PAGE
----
As one of the most important plant products in our daily lives, starch is all around us; it is the major calorific component of our staple foods, such as wheat, rice and potatoes.
Starch plays a crucial role in plants as the major form of carbohydrate storage.
Most plants use starch reserves to generate metabolic energy in the dark when photosynthesis is not possible. Growth of plants during the night, or of seedlings underground before they emerge from the soil, is often fuelled by starch.
Starch is made within the plastids of plant cells as insoluble semi-crystalline granules with complex structure and morphology. These granules are composed solely of glucose molecules that are linked together in polymers.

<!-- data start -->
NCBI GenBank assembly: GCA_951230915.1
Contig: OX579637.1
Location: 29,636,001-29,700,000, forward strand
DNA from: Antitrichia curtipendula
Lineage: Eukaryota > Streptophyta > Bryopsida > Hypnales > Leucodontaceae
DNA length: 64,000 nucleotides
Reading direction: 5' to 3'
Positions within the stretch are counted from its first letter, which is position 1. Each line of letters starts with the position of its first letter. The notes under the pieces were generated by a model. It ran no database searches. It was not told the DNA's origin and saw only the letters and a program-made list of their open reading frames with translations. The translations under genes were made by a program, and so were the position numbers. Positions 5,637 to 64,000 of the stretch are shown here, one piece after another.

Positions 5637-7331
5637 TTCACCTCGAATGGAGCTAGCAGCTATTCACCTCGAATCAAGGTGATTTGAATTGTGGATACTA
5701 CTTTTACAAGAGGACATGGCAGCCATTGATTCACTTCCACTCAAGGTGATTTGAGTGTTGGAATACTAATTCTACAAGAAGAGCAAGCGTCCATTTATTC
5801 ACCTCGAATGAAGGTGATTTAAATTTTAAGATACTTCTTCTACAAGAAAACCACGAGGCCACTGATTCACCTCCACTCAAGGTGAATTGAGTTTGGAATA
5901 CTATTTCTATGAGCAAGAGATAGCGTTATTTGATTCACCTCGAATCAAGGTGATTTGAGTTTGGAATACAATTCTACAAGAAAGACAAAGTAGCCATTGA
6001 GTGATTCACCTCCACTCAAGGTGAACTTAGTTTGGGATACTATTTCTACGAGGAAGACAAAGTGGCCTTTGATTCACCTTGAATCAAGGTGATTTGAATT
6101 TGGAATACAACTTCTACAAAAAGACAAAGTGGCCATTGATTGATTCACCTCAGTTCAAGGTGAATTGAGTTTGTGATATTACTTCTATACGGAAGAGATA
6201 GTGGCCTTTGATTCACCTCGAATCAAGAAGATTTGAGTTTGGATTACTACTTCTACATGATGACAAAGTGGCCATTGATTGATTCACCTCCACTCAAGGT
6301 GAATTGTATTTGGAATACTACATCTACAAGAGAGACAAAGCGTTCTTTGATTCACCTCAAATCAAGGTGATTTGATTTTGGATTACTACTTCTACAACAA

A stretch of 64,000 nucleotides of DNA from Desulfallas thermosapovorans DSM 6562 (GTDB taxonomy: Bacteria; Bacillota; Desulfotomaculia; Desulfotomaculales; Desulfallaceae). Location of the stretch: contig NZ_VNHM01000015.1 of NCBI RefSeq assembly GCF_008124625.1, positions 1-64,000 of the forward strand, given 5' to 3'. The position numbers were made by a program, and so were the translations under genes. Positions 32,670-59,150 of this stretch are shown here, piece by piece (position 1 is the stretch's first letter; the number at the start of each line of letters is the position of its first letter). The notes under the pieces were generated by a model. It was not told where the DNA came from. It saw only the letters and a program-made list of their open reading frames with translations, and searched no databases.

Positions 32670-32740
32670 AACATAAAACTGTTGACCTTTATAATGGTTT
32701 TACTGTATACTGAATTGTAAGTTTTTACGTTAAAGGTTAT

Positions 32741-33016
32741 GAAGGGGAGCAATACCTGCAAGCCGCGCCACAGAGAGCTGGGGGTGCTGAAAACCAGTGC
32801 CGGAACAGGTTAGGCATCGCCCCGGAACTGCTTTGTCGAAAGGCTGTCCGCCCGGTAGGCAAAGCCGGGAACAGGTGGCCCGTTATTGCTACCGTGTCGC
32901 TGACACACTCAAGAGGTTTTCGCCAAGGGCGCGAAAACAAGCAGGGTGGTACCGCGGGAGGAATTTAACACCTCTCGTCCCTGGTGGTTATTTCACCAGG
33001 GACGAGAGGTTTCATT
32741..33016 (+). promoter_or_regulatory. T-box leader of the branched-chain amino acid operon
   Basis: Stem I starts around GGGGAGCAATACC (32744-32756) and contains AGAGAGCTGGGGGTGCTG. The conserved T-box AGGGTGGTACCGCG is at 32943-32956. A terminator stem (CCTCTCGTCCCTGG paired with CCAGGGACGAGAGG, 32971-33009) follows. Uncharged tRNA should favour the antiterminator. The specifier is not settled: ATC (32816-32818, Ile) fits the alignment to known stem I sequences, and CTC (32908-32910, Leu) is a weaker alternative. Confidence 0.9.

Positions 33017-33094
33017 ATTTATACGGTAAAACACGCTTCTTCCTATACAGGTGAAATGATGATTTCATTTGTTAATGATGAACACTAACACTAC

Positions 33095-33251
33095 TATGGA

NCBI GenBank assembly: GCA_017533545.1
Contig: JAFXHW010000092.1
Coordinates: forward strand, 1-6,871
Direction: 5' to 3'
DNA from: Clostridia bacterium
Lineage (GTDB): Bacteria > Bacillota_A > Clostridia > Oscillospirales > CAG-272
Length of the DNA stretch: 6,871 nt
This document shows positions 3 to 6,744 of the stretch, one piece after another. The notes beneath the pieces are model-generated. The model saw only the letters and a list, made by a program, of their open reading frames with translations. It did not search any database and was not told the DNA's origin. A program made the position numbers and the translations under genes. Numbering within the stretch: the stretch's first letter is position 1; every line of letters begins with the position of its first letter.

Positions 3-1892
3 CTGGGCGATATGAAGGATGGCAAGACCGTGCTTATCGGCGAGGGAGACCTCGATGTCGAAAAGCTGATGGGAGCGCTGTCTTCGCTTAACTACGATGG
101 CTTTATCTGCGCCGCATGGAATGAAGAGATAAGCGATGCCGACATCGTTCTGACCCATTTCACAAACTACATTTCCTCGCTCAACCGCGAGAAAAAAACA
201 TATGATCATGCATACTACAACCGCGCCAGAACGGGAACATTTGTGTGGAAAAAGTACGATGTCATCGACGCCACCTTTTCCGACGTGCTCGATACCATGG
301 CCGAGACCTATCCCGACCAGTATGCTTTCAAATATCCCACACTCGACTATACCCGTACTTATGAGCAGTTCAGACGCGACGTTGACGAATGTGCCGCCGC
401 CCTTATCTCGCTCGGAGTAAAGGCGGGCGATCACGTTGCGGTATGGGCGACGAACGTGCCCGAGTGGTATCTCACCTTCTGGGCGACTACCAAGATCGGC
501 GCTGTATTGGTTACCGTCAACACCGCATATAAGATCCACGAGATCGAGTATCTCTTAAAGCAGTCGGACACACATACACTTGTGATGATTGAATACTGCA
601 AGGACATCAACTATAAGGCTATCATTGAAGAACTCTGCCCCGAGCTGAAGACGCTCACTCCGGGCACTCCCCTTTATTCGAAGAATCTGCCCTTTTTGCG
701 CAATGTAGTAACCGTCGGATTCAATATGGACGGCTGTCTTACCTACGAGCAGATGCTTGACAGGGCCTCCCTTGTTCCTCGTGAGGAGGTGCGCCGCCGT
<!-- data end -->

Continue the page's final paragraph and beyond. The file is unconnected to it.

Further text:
Two distinct polymers occur within starch – amylopectin and amylose.
We are interested in the molecular processes that facilitate the formation of starch granules in the plastid.
We study these processes in model plants like Arabidopsis and Brachypodium, as well as major crops like wheat and potato.
The identification of key components involved in starch synthesis will ultimately lead to novel approaches to improve the cooking, processing and/or nutritional quality of our starch crops.
Current research includes;
- Understanding the mechanism of starch granule initiation
- Identify genes that underpin diversity in starch granule morphology and composition
- Develop novel approaches to improve the quality of starch crops